if (Math.abs(d) <= epsilon)
{
}
}
}

/**
* Computes the arc length of an Archimedean Spiral with the given
* parameters
*
* @param alpha The distance between successive turnings
* @return The arc length
* @throws IllegalArgumentException If the given alpha is negative
*/
static double computeArcLength(
{
if (alpha < 0)
{
throw new IllegalArgumentException(
"Alpha may not be negative, but is "+alpha);
}
double v = Math.log(angleRad + u);
return 0.5 * alpha * (angleRad * u + v);
}

/**
* Compute the point on the Archimedean Spiral for the given parameters.<br>
* <br>
* If the given result point is <code>null</code>, then a new point will
* be created and returned.
*
* @param alpha The distance between successive turnings
* @param result The result point
* @return The result point
* @throws IllegalArgumentException If the given alpha is negative
*/
static Point2D computePoint(
double alpha, double angleRad, Point2D result)
{
if (alpha < 0)
{
throw new IllegalArgumentException(
"Alpha may not be negative, but is "+alpha);
}
double distance = angleRad * alpha;
double x = Math.sin(angleRad) * distance;
double y = Math.cos(angleRad) * distance;
if (result == null)
{
result = new Point2D.Double();
}
result.setLocation(x, y);
return result;
}

/**
* Private constructor to prevent instantiation
*/
private ArchimedeanSpiral()
{
// Private constructor to prevent instantiation
}
}


An example of how to use this for the goal described in the question is given in this snippet: It generates a certain number of points on the spiral, with a desired (arc length!) distance between the points:

import java.awt.geom.Point2D;
import java.util.Locale;

public class ArchimedeanSpiralExample
{
public static void main(String[] args)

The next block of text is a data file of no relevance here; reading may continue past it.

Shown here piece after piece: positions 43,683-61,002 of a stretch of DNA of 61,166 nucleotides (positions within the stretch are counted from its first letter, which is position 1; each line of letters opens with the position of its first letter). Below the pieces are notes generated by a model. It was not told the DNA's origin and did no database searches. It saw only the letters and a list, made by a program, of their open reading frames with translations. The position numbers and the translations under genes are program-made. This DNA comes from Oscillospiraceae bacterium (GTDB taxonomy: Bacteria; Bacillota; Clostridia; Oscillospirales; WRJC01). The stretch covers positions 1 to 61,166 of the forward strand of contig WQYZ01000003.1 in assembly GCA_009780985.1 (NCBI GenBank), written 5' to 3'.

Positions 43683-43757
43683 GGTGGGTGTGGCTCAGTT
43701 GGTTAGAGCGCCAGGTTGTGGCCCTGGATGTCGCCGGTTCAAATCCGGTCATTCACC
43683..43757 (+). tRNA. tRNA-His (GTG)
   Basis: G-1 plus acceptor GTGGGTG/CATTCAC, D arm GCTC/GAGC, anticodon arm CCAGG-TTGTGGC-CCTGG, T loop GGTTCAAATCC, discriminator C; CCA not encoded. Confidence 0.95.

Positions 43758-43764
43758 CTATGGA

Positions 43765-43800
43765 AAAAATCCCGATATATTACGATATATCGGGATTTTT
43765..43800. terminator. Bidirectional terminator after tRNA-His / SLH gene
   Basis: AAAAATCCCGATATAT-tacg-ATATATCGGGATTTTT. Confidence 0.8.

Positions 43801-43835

{
final int numPoints = 50;
final double pointArcDistance = 0.1;
final double alpha = 0.5;
final double epsilon = 1e-5;

double totalArcLength = 0.0;
for (int i=0; i<numPoints; i++)
{
ArchimedeanSpiral.computeAngle(alpha, totalArcLength, epsilon);
Point2D point =
totalArcLength += pointArcDistance;

// Compute and print the arc lengths, for validation:
double currentArcLength =
double previousArcLength =
double arcDistance = (currentArcLength - previousArcLength);
System.out.printf(Locale.ENGLISH,
"Point (%6.2f, %6.2f  distance in arc "
+ "length from previous is %6.2f\n",
point.getX(), point.getY(), arcDistance);

}
}
}


The actual arc length distance of the computed points is printed, and one can see that they are in fact equidistant, with the desired arc length distance.

I'm struggling with this too.

What I'm doing is keeping the velocity constant, and changing the direction of the object.

If I make is so the angle (in degrees) is equal to the distance from the origin, times a constant, i get a nice perfect archimedean spiral. larger constants get less space between the lines. Only issue is if the speed is too high, then it jumps the track and messes up. so tighter spirals require a slower speed to reliably trace.

direction = ((spiral_factor*(current_distance) mod 360);

Where current_distance is the radius drawn from the location to the spawn point in pixels, grabbed by an engine function that gives it to me.

What's driving me up the wall is the inverse. placing the object at the OUTSIDE and having it trace the Archimedean spiral INWARDS. Moving the particle the opposite way doesn't work. that just rotates the spiral 180 degrees. inverting the direction gives a clockwise one.